Prof. Dr. Sascha Feuchert

After training as a journalist, Sascha Feuchert studied German, English and educational science at the University of Gießen. As part of his studies and his further academic career at the Institute for German Studies at the University of Gießen, a semester abroad and a stay as a guest lecturer took him to Łódź and Szczecin in Poland. Since 2008, Feuchert has been Director of the Holocaust Literature Unit at the University of Gießen, and since 2017 Professor of Modern German Literature with a focus on Holocaust literature and its didactics at the same university. He has received several awards for teaching and literature as well as distinctions from the University of Łódź.

2020: Prof. Dr. Sebastian Faust und Prof. Dr. Stefan Dziembowski

Professor Dr. Sebastian Faust, TU Darmstadt, and Professor Dr. Stefan Dziembowski, University of Warsaw, have been selected to receive the 2020 Copernicus Award from the Deutsche Forschungsgemeinschaft (DFG, German Research Foundation) and the Foundation for Polish Science (FNP, Fundacja na rzecz Nauki Polskiej) for their services to German-Polish research collaboration. The jury appointed by the DFG and the FNP chose the two researchers for their outstanding cooperation in theoretical cryptography and IT security. Their joint research on the mathematical foundations of encryption techniques has significantly contributed towards making the use of information technologies and the associated data transfer process more secure against attack and more efficient at the same time. The vital contribution of their work, in the jury's view, lies in the way they bring different security models together.

Faust and Dziembowski have been collaborating for approximately ten years, since they first met at a specialist conference. This long-standing partnership has resulted in a large number of publications. One key area of their joint research is the development and analysis of countermeasures to protect against side-channel attacks, which use the power consumption of a smart card, for example, to attack IT security systems.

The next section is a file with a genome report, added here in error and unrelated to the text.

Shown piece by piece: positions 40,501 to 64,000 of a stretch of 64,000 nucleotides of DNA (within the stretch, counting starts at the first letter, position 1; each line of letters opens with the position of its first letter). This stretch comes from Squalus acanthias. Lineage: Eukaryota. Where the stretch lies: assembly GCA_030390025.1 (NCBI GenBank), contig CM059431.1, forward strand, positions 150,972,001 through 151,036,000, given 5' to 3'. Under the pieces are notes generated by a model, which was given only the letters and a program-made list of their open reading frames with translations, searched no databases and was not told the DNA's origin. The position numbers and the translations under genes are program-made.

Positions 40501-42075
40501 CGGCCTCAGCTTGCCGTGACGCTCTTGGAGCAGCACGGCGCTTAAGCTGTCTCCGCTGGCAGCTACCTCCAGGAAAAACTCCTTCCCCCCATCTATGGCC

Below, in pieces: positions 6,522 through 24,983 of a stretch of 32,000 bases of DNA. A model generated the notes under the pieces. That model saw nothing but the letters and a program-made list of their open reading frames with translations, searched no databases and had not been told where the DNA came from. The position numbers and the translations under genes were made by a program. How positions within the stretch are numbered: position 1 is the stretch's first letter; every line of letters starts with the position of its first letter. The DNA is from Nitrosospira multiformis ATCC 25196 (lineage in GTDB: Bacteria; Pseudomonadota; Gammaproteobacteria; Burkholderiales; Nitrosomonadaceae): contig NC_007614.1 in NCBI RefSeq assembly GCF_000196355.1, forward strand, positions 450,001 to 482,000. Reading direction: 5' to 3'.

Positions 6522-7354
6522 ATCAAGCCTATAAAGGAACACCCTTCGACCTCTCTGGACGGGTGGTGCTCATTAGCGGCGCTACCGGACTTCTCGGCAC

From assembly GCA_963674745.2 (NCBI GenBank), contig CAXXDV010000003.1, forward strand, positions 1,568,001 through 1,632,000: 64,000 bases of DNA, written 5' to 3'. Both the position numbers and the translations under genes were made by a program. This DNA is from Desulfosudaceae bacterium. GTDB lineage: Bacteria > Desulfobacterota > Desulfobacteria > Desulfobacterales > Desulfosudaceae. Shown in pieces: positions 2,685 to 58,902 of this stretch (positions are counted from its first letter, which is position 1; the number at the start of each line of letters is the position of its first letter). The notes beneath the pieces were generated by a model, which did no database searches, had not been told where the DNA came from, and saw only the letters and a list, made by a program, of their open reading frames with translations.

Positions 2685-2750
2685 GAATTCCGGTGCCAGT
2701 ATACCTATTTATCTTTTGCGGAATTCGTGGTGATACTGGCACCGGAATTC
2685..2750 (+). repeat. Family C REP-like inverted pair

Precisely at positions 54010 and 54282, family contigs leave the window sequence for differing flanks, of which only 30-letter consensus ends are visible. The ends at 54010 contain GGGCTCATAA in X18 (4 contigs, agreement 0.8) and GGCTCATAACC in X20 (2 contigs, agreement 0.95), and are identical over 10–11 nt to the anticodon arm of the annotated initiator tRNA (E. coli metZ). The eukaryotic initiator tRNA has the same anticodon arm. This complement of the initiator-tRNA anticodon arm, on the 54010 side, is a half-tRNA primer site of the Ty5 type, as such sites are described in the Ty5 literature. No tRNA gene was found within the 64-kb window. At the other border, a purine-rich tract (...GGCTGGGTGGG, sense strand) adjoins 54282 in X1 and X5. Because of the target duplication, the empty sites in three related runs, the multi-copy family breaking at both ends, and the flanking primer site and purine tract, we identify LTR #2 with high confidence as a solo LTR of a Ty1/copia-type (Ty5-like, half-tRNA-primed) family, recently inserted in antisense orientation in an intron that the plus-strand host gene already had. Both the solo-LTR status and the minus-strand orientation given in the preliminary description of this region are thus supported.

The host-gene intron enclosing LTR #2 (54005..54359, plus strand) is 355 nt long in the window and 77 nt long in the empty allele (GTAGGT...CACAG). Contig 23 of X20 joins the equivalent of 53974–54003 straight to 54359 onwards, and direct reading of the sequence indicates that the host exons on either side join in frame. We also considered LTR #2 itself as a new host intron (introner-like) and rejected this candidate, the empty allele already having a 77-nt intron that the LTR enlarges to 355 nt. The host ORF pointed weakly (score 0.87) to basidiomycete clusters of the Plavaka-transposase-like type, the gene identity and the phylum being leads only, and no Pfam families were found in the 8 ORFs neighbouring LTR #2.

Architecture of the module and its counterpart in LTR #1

Prof. Dr. Sebastian Faust

Sebastian Faust is a professor at TU Darmstadt, where he heads the department of Applied Cryptography. After earning his doctorate at KU Leuven in Belgium, Faust conducted postdoctoral research at Aarhus University in Denmark, followed by a Marie Curie fellowship at the Swiss Federal Institute of Technology Lausanne (EPFL) in Switzerland. He then returned to Germany to take up a post as assistant professor at the University of Bochum. It was here, as the leader of an Emmy Noether independent junior research group, that he began a research project on "Cryptography Beyond the Black Box Model". His main research interests are cryptography and IT security.

Prof. Dr. Stefan Dziembowski

Stefan Dziembowski is a professor at the University of Warsaw, where he leads the Cryptography and Blockchain Technologies working group. He earned his doctorate from Aarhus University in Denmark. He subsequently conducted postdoctoral research at ETH Zurich, the Italian National Research Council in Pisa and the Sapienza University of Rome, before moving to the University of Warsaw in 2010. Dziembowski has held a number of fellowships, including the generous Starting Grant and an Advanced Grant from the European Research Council (ERC) and a Welcome Grant and Team Grant from the Foundation for Polish Science. Stefan Dziembowski's research interests are cryptography, blockchain technology and smart contracts.

2018: Prof. Dr. Stefan Anker and Prof. Dr. Piotr Ponikowski

Prof. Dr. Stefan Anker from the Charité – Universitätsmedizin Berlin and Prof. Dr. Piotr Ponikowski from Wrocław Medical University have been chosen to receive the 2018 Copernicus Award from the Deutsche Forschungsgemeinschaft (DFG, German Research Foundation) and the Fundacja na rzecz Nauki Polskiej (FNP, Foundation for Polish Science) for their services to German-Polish research collaboration. The jury appointed jointly by the DFG and the FNP selected the two researchers for their long-standing and distinguished collaboration in heart failure research. Their contributions are considered to have led to a better understanding of the pathophysiology of heart failure as well as new treatment strategies for the disease. The €200,000 Copernicus Award will be presented on 25 October 2018 in Berlin by the presidents of the DFG and the FNP, Prof. Dr. Peter Strohschneider and Prof. Dr. Maciej Żylicz.